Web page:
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PR-Index: Using the h-Index and PageRank for Determining True Impact

  • Chao Gao,

    Affiliation College of Computer and Information Science, Southwest University, Chongqing, China

  • Zhen Wang , (ZW); (XL)

    Affiliation Interdisciplinary Graduate School of Engineering Sciences, Kyushu University, Fukuoka, 816-8580, Japan

  • Xianghua Li , (ZW); (XL)

    Affiliation College of Computer and Information Science, Southwest University, Chongqing, China

  • Zili Zhang,

    Affiliations College of Computer and Information Science, Southwest University, Chongqing, China, School of Information Technology, Deakin University, Locked Bag 20000, Geelong, VIC 3220, Australia

  • Wei Zeng

    Affiliation College of Computer and Information Science, Southwest University, Chongqing, China

PR-Index: Using the h-Index and PageRank for Determining True Impact

  • Chao Gao, 
  • Zhen Wang, 
  • Xianghua Li, 
  • Zili Zhang, 
  • Wei Zeng


Several technical indicators have been proposed to assess the impact of authors and institutions. Here, we combine the h-index and the PageRank algorithm to do away with some of the individual limitations of these two indices. Most importantly, we aim to take into account value differences between citations-evaluating the citation sources by defining the h-index using the PageRank score rather than with citations. The resulting PR-index is then constructed by evaluating source popularity as well as the source publication authority. Extensive tests on available collections data (i.e., Microsoft Academic Search and benchmarks on the SIGKDD innovation award) show that the PR-index provides a more balanced impact measure than many existing indices. Due to its simplicity and similarity to the popular h-index, the PR-index may thus become a welcome addition to the technical indices already in use. Moreover, growth dynamics prior to the SIGKDD innovation award indicate that the PR-index might have notable predictive power.


The problem of objectively assessing the impact of an individual author has been the subject of intense research in bibliometrics as well as many other fields of research. While it may be relatively easy to distinguish a Nobel Prize winner from an average researcher, it is much more difficult to rank all authors. Yet, many have tried, using quantitative technical analysis of various indicators ranging from the number of publications and patents to the number of citations. Such ranking systems have found widespread use in funding agencies and tenure committees across the world to supplement objective and comprehensive assessment of each individual researcher’s impact. These indicators can also provide a fast glimpse into a field of research and aid in identifying experts or, at minimum, the most productive and well-known authors. However, technical indicators are also relatively easy to manipulate, and so care must be exercised; a thorough determination of impact should always include a human evaluation as well.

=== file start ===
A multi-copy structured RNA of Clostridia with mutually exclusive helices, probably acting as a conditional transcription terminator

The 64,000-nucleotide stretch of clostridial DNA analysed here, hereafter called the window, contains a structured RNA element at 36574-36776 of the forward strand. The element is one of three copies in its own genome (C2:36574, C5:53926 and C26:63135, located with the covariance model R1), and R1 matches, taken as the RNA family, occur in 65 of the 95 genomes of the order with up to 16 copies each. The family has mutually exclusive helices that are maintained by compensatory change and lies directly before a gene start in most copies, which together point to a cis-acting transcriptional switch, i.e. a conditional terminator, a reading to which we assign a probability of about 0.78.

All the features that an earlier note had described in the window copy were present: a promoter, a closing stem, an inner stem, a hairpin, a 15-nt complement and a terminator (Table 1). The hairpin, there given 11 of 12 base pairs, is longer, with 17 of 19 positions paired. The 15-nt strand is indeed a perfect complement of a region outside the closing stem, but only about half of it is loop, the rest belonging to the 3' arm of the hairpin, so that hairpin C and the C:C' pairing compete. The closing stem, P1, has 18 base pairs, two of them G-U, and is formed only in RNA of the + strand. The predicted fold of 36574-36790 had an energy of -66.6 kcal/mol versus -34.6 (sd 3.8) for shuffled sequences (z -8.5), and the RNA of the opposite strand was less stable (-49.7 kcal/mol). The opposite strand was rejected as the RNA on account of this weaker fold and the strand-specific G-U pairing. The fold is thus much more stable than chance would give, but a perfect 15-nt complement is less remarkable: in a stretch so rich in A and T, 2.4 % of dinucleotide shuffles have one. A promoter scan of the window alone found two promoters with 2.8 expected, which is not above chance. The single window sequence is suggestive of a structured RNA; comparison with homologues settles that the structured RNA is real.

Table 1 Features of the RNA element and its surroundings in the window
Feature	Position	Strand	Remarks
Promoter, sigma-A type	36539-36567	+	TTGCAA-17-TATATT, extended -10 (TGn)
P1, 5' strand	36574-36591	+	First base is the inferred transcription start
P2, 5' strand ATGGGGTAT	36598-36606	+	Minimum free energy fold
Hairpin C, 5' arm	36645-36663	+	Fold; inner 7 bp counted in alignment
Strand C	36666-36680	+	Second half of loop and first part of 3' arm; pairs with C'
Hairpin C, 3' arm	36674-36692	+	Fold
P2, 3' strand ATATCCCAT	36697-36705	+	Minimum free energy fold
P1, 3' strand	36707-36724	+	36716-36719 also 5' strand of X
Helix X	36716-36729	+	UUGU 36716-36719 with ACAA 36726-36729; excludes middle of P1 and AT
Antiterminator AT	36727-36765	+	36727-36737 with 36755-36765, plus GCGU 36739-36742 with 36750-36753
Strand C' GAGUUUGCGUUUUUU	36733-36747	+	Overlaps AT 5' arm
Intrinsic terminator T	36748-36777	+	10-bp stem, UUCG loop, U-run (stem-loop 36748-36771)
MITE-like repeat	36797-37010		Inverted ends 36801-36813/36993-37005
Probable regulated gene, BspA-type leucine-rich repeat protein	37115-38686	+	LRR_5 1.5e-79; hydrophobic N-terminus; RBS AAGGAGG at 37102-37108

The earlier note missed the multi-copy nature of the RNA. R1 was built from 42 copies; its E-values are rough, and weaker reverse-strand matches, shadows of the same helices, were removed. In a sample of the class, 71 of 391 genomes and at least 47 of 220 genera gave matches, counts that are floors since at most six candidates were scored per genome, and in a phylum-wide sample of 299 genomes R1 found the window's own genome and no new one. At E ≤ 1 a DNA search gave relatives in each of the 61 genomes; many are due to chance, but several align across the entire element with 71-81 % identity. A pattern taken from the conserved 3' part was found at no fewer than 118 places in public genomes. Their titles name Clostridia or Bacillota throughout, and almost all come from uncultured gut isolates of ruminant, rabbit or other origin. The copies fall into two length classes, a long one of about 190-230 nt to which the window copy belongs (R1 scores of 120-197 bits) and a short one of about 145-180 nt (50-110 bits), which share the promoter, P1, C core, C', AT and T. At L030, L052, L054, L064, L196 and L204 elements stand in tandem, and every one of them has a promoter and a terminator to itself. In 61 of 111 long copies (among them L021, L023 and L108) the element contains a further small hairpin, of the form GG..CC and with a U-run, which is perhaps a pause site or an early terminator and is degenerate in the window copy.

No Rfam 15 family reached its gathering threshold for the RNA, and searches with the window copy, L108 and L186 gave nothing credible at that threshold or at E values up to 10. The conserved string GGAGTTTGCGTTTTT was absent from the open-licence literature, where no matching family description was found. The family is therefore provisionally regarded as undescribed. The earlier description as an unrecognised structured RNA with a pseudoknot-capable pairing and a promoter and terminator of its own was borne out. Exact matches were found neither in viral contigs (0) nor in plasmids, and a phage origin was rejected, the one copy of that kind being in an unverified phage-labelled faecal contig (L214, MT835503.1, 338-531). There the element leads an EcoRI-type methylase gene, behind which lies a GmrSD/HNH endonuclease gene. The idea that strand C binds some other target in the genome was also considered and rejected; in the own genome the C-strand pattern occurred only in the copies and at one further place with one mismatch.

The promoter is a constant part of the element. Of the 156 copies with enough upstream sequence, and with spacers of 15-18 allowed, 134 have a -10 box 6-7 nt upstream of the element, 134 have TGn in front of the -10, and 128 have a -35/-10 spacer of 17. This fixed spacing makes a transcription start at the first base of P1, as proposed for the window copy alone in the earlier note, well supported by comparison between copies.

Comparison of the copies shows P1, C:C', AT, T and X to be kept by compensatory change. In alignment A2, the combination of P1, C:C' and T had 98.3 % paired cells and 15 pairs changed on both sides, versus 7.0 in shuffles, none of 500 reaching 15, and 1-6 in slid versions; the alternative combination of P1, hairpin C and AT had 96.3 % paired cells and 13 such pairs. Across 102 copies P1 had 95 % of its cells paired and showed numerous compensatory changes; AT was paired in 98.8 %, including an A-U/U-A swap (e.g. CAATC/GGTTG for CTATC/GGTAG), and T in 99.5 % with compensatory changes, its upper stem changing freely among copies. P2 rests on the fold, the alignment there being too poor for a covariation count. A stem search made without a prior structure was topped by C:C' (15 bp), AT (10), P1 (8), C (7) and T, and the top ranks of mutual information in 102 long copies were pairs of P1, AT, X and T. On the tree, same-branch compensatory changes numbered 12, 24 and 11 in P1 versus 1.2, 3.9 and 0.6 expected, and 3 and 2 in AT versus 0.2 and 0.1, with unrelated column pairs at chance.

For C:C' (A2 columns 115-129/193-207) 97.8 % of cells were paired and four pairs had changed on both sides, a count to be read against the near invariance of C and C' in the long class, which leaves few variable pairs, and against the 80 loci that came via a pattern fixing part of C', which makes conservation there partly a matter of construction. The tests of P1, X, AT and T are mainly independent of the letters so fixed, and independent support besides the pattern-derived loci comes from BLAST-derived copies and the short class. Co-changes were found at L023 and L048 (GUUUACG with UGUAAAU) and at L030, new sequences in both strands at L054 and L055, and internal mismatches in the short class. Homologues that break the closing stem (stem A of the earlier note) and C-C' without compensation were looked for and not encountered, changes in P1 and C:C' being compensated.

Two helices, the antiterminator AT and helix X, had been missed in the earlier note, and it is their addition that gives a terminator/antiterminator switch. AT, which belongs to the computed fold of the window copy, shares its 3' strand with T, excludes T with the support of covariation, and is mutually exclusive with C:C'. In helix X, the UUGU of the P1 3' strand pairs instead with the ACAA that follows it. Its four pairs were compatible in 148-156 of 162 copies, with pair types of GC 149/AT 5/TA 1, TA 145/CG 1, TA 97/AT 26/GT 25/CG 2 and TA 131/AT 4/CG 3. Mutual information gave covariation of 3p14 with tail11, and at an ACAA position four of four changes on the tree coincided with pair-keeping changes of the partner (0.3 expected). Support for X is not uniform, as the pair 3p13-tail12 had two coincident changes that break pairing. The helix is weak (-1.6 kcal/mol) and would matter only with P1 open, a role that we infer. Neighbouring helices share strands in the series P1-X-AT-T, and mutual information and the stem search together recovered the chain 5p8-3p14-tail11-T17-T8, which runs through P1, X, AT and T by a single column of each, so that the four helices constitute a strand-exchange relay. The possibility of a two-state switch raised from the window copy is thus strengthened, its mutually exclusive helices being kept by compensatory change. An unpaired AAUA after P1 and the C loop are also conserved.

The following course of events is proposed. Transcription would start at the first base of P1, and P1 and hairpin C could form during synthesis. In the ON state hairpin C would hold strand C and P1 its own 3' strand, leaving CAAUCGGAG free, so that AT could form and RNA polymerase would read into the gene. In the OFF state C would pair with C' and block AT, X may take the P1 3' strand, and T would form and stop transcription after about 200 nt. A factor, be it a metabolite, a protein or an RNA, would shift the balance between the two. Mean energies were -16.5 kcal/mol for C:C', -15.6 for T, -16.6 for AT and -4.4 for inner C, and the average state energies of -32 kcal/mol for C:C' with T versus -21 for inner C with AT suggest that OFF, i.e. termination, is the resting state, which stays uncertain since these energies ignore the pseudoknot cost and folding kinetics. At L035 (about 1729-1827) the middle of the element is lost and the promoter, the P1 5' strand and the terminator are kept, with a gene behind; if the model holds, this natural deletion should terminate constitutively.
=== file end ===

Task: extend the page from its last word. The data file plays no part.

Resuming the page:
Numerous indicators have already been proposed. These can be roughly classified into two groups: statistical-based indicators and graph-based indicators. Statistical-based indicators typically depend on the sheer number of publications, patents, citations, or co-authors. Among these, the h-index [1] is probably the most famous and widely used. Graph-based indictors, on the other hand, explore the relationships within an academic network, such as a publication-citation network, an author citation network or a co-author network. Author impact can be assessed based on the structural properties of such academic networks in lieu of statistical-based indicators.